During my time off for Thanksgiving, I paid a visit to the Clinch River. It’s been a favorite haunt of mine for years. The Clinch is a scenic waterway, great place to get some peace and quiet and one of the best fishing destinations in East Tennessee.
I spotted this sweet prince about 4pm on Wednesday the 23rd. Exactly one year prior, the very same day in 2015, he (or a fellow Brown) straightened a size 20, blue zebra midge on me. I may have been near tears then, but I was all grins this time. I’d been waiting a full calendar year for the opportunity to dance with another big Brown.
The Clinch is what I would describe as a “tough-to-fish” river. Teeny-tiny nymphs seem to be the only things that get looks, especially from the big fish. Recollecting last year’s experience, I went to the exact same fly I’d lost him on one year ago. I pulled out my size 20 blue zebra and went to work.
My 3rd or 4th cast earned a slight chase. Which got my heart pumping, a little more. Like most fish of his size, the Brown quickly lost interest. Undeterred, I soldiered on, proceeding to try about 20 different patterns to see if I could spark an interest. Nada.
Frustrated once again, I decided to call it a night. On my way home, I told a good buddy about my 2nd attempt at the Brown, and how it was the fish of my dreams.
“It was probably a carp,” he replied. He’d soon eat those words.
Thoughts of the Brown continued to consume me. My entire drive back to Knoxville – where I’d be enjoying Thanksgiving festivities with my family – was spent dreaming of a victorious and triumphant return to catch this trophy Brown.
Friday at 8:15 am, I returned. The water would soon settle post-generation. From there, I would begin my assault with a new level of determination. I was prepared to do everything I could possibly try to catch this fish.
On my way to the hole where I’d previously spotted him, I caught a 15 inch Rainbow. After that, a 16.5 inch Brown. And as I was basking in the glow of my second catch, my brother yelled up from below. “I SEE THE FISH!”
Feigning nonchalance, I told him to go for it. Knowing that very soon, I too would have my shot.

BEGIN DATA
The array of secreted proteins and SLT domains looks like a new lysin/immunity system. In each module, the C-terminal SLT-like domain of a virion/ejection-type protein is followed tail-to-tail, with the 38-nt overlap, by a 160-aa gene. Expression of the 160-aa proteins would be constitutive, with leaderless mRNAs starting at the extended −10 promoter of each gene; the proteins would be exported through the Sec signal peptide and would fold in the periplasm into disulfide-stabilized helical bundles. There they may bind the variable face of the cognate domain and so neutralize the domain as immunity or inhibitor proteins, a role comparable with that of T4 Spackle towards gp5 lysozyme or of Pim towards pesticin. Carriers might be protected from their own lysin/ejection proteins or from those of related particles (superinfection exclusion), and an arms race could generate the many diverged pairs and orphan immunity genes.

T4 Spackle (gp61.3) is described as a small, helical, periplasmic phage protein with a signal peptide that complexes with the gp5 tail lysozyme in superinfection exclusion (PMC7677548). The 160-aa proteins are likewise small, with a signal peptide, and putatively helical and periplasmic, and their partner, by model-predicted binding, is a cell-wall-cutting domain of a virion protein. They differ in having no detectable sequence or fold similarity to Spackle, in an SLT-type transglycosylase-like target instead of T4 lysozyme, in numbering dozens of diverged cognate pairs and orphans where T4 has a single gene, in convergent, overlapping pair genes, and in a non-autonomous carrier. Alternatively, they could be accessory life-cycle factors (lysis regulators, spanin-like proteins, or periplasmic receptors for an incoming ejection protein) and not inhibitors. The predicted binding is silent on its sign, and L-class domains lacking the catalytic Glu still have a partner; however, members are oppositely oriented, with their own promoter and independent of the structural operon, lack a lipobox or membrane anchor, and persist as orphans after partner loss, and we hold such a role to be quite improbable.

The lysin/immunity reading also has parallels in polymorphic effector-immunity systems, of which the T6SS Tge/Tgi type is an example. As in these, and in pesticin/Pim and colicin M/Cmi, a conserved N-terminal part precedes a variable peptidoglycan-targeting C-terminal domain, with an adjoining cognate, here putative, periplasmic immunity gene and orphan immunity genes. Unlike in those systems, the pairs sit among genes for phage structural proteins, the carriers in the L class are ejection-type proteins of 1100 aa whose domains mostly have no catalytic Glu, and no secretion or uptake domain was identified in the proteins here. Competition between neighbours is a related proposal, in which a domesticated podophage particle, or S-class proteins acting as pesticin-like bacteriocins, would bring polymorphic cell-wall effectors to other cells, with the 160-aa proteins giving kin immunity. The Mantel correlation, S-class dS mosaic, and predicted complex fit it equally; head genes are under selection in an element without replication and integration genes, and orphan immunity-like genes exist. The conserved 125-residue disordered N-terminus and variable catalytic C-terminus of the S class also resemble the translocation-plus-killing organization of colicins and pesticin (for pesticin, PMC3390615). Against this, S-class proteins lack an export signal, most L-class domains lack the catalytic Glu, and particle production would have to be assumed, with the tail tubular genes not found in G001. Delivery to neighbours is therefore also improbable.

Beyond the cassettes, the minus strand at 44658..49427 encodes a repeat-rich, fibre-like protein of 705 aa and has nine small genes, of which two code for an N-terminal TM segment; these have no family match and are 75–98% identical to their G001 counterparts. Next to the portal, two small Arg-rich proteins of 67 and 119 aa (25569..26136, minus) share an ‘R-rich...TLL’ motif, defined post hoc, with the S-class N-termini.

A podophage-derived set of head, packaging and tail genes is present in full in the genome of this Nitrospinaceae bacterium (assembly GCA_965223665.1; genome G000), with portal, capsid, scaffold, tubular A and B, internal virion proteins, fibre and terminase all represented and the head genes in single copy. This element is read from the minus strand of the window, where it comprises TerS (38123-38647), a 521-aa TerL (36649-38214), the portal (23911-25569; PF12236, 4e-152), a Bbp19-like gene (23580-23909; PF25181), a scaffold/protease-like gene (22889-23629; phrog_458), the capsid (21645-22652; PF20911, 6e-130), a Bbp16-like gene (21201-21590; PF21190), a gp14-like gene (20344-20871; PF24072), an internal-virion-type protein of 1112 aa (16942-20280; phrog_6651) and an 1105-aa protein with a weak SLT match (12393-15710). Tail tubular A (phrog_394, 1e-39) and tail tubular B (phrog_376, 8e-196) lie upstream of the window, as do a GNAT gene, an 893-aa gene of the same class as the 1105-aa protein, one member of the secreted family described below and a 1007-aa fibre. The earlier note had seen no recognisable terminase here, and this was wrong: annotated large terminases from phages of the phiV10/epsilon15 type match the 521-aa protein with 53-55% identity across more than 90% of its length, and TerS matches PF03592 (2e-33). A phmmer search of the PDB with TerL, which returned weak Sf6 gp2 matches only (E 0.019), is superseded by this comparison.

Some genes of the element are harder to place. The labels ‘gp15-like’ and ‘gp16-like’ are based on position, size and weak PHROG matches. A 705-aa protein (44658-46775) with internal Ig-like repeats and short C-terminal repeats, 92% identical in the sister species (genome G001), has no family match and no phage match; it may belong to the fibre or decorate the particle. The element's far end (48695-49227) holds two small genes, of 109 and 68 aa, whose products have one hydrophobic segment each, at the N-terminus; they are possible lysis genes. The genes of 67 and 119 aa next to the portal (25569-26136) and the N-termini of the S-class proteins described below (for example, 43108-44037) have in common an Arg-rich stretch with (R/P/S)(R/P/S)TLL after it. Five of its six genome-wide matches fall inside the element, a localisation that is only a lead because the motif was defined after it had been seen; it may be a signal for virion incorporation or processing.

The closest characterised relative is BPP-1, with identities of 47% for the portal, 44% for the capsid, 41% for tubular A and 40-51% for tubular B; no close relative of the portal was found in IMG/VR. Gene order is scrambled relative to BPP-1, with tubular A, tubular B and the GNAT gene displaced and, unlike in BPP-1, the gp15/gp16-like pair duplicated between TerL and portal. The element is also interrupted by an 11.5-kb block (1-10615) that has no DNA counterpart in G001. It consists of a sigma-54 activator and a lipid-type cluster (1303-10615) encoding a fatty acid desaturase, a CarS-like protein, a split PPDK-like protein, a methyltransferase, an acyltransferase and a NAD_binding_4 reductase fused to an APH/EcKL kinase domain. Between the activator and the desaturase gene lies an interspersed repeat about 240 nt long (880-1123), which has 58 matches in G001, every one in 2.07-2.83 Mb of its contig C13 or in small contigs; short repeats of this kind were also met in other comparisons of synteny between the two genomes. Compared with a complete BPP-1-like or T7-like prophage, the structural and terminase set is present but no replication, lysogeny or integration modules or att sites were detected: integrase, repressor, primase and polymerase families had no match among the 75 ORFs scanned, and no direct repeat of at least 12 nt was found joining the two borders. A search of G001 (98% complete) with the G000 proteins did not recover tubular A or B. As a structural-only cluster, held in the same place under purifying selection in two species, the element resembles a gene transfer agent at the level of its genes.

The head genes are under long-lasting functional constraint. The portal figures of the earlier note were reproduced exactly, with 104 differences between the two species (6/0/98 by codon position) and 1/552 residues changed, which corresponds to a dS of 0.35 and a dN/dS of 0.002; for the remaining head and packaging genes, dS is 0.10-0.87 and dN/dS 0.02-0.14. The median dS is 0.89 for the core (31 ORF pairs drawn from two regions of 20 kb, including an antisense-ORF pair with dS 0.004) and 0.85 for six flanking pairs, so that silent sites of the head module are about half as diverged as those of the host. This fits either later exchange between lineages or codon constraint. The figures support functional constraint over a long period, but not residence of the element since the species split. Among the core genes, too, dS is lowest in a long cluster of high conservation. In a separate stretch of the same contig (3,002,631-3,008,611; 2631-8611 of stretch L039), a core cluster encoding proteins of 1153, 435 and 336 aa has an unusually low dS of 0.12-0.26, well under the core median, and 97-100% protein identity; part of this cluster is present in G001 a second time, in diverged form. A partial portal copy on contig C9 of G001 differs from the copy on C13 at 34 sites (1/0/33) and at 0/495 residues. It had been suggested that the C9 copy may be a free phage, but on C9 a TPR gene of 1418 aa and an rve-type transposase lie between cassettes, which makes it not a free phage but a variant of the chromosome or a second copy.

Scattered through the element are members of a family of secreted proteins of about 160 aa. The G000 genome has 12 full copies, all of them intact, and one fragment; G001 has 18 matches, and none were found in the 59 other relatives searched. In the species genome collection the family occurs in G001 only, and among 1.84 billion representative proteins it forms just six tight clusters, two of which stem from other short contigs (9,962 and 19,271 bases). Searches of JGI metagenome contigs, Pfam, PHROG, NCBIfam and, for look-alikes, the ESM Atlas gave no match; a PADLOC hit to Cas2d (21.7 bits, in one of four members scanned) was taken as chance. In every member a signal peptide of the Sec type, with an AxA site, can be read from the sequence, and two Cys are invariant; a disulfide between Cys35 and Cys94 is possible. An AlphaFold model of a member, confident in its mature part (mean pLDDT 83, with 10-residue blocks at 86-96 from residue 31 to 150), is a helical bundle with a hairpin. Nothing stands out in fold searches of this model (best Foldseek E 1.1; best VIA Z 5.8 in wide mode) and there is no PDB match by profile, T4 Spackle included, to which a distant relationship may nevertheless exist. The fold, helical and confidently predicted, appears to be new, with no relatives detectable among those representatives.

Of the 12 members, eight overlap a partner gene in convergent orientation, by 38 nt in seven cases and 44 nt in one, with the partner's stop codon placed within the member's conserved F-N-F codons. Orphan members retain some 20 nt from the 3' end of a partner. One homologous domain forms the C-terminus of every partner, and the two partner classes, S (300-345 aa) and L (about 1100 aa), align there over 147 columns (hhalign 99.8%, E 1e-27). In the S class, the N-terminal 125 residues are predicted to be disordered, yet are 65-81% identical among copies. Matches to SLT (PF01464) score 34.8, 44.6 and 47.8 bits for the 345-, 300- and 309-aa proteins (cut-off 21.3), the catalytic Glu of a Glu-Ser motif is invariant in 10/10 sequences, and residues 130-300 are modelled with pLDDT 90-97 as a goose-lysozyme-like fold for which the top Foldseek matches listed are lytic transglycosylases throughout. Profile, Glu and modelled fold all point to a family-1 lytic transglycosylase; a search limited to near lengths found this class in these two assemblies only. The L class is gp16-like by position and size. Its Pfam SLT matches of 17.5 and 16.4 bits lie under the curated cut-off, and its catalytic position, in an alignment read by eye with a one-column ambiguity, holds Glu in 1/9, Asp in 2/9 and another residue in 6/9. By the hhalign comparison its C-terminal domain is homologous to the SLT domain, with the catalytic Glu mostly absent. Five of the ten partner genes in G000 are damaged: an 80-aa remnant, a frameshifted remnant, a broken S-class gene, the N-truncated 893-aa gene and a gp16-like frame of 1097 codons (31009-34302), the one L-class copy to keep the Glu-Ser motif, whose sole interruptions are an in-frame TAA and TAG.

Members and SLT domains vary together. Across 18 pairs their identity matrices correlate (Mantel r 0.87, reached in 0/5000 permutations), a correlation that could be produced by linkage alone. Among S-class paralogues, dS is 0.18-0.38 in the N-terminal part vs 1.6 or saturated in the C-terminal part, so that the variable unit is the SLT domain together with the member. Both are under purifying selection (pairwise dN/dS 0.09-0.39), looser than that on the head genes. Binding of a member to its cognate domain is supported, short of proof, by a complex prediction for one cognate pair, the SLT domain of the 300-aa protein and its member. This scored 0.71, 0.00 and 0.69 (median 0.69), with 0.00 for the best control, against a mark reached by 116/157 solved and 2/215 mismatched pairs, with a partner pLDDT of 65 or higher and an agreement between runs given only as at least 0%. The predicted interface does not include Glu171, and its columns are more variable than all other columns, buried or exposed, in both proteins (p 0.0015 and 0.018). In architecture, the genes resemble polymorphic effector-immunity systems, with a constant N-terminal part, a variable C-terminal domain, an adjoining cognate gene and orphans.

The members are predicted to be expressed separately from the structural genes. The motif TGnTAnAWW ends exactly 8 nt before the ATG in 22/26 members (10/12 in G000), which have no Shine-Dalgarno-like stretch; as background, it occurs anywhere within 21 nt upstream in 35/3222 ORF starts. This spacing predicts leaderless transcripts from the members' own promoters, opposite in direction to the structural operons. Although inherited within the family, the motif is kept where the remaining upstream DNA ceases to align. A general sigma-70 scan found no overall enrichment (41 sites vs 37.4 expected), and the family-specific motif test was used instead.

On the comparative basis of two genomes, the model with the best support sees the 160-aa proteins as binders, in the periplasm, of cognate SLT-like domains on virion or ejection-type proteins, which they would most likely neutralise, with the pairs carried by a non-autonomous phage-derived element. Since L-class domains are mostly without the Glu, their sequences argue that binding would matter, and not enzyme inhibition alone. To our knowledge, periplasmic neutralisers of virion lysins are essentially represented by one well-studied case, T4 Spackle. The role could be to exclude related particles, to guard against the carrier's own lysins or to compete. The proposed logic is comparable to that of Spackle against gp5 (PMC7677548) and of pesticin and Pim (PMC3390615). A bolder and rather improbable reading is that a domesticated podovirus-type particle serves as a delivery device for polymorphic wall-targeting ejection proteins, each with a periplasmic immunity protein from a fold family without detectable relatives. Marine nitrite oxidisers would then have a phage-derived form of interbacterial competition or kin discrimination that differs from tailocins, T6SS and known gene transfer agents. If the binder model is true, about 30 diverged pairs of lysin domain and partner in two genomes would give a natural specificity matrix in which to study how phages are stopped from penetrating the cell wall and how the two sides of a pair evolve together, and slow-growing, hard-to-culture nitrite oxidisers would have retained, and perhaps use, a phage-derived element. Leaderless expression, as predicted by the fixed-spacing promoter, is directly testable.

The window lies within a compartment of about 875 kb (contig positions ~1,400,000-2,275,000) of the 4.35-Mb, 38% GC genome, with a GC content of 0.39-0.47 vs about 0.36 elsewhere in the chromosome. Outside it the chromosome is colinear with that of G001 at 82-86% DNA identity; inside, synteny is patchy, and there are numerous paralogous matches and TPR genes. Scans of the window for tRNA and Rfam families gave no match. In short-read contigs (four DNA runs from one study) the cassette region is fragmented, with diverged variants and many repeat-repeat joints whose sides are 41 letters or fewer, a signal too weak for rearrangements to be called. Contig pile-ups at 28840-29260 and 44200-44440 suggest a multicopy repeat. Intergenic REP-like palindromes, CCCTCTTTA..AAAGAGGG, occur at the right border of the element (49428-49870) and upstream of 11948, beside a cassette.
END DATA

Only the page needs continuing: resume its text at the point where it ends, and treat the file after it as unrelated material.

I meandered down to verify this was, in fact, my arch nemesis Trophy Brown. One look provided the validation I needed. He was just one pool down from before.
Did I truly want my brother to catch him? I’d tell you yes. But the honest truth is that I selfishly wanted my shot at the title. So when nature called for my brother Jonathan – in a different sense – I positioned myself for the perfect drift.
<Note: I’m fishing a 4 weight with 5X dropping a size 20 purple zebra midge off of a small pheasant tail.>
Cast one: Good distance, the perfect depth, but just left of this beast – who’s holding confident and steady in his position.
Cast two: Same, but just past him and to the right.
Cast three: Perfect. My indicator drops right over the fish. Set!
The fear and excitement sets in, but the visual I expected isn’t there. The line is tight, and yet, the fish is still in the same position. It wasn’t my Trophy Brown. It was a different fish, only 11 or so inches.
I unhook it, resettle, and cast again.
Cast four: Perfect drift. Perfect angle. The indicator is just over the fish. It ducks under the water. And a sense of fear suddenly ensues.
The shudder in the water is something I still can’t explain. The yellow belly flashed, and the pure power of the fish actually, physically shook the water.
He’s hooked! The realization momentarily stunned me. I yelled to my brother, “He took! Johnny Boy, get the net!” When all of the sudden, the Brown takes off.
Before I can get my line tight or heighten tension on the reel, this fish is already downstream 30 yards. The next 10-15 minutes? A state of black-out — full of panic, fear, and anxiety. Think Will Ferrell in Old School.
Frantic and yelling to my brother to keep up, I followed the fish downriver and find myself hollering out requests for net assistance from 2 unsuspecting fellow fisherman. “Hey, can I get a hand with some net help?” Moments later, the Brown shows me the true meaning of power, making a last minute run for a downed tree. The unsuspecting angler yells something along the lines of, “Holy sh*t, that’s the largest fish I’ve ever seen!”
At this point, I’m overcome with panic. I’m this close to losing this fish.
He reaches the tree and lodges himself on a log with a notch at the base of the river. I don’t know if he’s tossed the line and about to run, so in a desperate last attempt, I lunge my arm to the bottom of the stream, grab him by the tail, and – somehow – surface this beast.
My net can barely even hold the writhing monstrosity I’ve just landed, but eventually he succumbs and goes in headfirst. I breathe the heaviest sigh of relief I’ve ever released as a fisherman. It’s over. I’d caught the fish I’ve always dreamed I would catch.
He taped at 28.5 inches. Releasing this fish is something I’ll never forget. The ecstasy and joy surrounding this achievement is something I’ll never be able to describe.
The act of fly fishing is one of patience, determination, skill, and luck. And on November 25th the stars aligned for me. Catch or no catch, trophy or not, I’ll continue my trips to the river for many years to come – thankful for the beauty of the Clinch and the memories of catching this amazing Brown.